Link to my Thursday column about Stephen Curry and Oscar Robertson and Phil Jackson.
I could not agree more. Phil Jackson comes off as bitter, pompous know-it-all. Where’s the graciousness? And I’m still mad at Oscar Robertson who did color on the 1975 finals and was incredulous that the Warriors were sweeping the star-filled Bullets. Before Game Four said watch out for Bullets to win four.
What I think it is, is that the Warriors, and Curry specifically, are making it look so easy that all these old timers think that the game is diluted, that the competition/defense/talent/skill(what have you) is no where near as good as when they played. They see the Warriors dominance not as the Warriors being so good but as everyone else being so bad.
Curry makes it look so easy at times, in their eyes, it can’t be that he’s that good, its just that everyone else isn’t good. Curry needs to stop making it look so easy, because these all timers, who haven’t laced-em up in well over 20 years (some closer to 40+ years), had a lot more difficult time when they played and its a shot to their ego that someone else is making it look so easy.
Hubris to the extreme.
Phil Jackson is an insufferable Internet troll. It is classic troll behavior to put something idiotic and provocative out there on social media, and then aim the blame for your stupid post on others’ lack of understanding.
The sad fact is Phil has this time on his hands because he’d rather be on Twitter than watching the tire fire of a team he’s put together play basketball.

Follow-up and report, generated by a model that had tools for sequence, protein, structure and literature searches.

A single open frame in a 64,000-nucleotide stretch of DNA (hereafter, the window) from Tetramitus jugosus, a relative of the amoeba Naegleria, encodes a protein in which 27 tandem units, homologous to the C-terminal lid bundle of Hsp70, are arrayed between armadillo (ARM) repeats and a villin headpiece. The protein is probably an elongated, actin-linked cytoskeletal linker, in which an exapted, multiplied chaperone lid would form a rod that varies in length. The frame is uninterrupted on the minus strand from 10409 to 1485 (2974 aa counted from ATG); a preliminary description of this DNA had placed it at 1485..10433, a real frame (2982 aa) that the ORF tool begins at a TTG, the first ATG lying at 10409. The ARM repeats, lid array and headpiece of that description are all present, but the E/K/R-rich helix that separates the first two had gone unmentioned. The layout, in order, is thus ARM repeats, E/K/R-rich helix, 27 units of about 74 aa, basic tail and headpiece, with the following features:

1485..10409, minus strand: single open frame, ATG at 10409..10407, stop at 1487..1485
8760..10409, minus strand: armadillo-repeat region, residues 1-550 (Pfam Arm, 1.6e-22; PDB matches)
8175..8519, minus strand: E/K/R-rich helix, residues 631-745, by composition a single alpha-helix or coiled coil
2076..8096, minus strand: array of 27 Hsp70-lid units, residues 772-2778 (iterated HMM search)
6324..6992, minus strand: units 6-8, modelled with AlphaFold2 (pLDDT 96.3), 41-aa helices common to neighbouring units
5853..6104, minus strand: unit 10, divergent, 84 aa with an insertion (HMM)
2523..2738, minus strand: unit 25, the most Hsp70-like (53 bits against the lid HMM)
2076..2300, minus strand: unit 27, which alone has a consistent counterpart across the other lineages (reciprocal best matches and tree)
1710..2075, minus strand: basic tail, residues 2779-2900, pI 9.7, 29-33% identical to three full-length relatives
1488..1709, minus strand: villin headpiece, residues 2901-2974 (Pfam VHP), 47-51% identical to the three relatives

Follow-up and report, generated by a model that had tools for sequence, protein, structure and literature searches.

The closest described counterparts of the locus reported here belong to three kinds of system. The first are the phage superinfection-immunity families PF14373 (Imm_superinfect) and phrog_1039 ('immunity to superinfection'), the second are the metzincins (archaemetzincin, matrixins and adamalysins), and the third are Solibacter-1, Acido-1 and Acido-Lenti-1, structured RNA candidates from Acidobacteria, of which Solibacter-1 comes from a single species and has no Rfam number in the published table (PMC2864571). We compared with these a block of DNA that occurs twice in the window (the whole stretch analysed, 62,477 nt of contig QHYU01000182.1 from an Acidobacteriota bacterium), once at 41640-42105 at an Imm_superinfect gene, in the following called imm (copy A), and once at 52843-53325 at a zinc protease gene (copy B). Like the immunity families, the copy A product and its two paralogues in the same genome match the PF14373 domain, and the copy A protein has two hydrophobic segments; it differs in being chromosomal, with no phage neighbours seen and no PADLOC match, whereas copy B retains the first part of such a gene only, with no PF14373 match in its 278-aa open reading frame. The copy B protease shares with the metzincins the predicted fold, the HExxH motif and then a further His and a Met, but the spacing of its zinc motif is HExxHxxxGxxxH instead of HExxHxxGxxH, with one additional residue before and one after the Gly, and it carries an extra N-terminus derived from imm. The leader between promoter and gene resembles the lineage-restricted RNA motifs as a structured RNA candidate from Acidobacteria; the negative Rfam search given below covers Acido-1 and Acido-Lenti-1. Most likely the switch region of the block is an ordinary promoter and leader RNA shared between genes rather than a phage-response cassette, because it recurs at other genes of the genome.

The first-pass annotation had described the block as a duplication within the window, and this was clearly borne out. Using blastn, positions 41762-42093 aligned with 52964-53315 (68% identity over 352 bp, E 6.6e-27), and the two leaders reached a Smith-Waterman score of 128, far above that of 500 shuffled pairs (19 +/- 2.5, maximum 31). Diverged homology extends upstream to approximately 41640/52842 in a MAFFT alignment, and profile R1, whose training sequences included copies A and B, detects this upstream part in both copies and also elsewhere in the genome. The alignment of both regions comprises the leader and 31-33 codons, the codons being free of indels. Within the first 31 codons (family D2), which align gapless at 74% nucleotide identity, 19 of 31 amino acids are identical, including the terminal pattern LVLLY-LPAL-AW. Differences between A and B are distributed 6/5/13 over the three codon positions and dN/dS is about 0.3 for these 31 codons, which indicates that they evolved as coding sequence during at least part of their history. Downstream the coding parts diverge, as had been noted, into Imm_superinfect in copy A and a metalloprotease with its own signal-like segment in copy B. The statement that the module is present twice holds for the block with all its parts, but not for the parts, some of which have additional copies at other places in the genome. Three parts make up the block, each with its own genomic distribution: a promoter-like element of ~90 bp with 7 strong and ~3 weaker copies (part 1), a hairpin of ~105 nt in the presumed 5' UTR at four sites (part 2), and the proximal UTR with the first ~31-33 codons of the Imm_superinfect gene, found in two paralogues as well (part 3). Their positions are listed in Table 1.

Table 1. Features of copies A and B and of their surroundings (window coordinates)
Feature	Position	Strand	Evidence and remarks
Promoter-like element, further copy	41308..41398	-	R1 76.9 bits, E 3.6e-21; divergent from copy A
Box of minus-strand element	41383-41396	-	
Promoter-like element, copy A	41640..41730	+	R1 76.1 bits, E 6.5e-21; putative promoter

Jackson’s rings can’t be denied but neither can it be denied that he walked onto teams that already had Jordan (and Pippen?) and then Shaq and Kobe.
And in my opinion, one of the worst traps a GM or coach can fall into is making players fit into a “system” rather than fitting your system to the players you have. It works, but rarely. Like when you’ve got generational talent on your team. Obviously doesn’t work when you’ve got Carmelo Anthony and four other guys.
Steve Kerr got the biggest get out of jail free card getting out of the Knicks dumpster.
I thought JJ Adande had a great piece on ESPN about this. You do have to pay homage to the greats of the past. Oscar did a lot for basketball and free agency in general, yet receives no accolades from today’s players for all he did. Michael Jordan is going in that direction as well. He still gets tons of accolades from older fans and players, but he was an international house hold name not that long ago. He’ll be Oscar in another 10/20 years and there will be more scorn if he doesn’t appreciate the superstar of that day.
Yeah, Phil and Oscar are all wet regarding Curry but let’s take a moment and look more closely at what these greats did too. I take this as a way of paying homage to the great past of this game. Curry is it’s present and I’m enjoying the heck out of it! These arguments are proof of the level of play that Steph has arrived. He’s a great and if he can keep it up, he can scorn the players of 2040. And deserve young fan scorn of that day…
Great article. I liken this debate to be similar to that when it comes to any kind of Hall of Fame debate. In those discussions the numbers are indeed important and some may even be considered “hallowed”. But the biggest aspect is comparing them to their peers in the era they played in.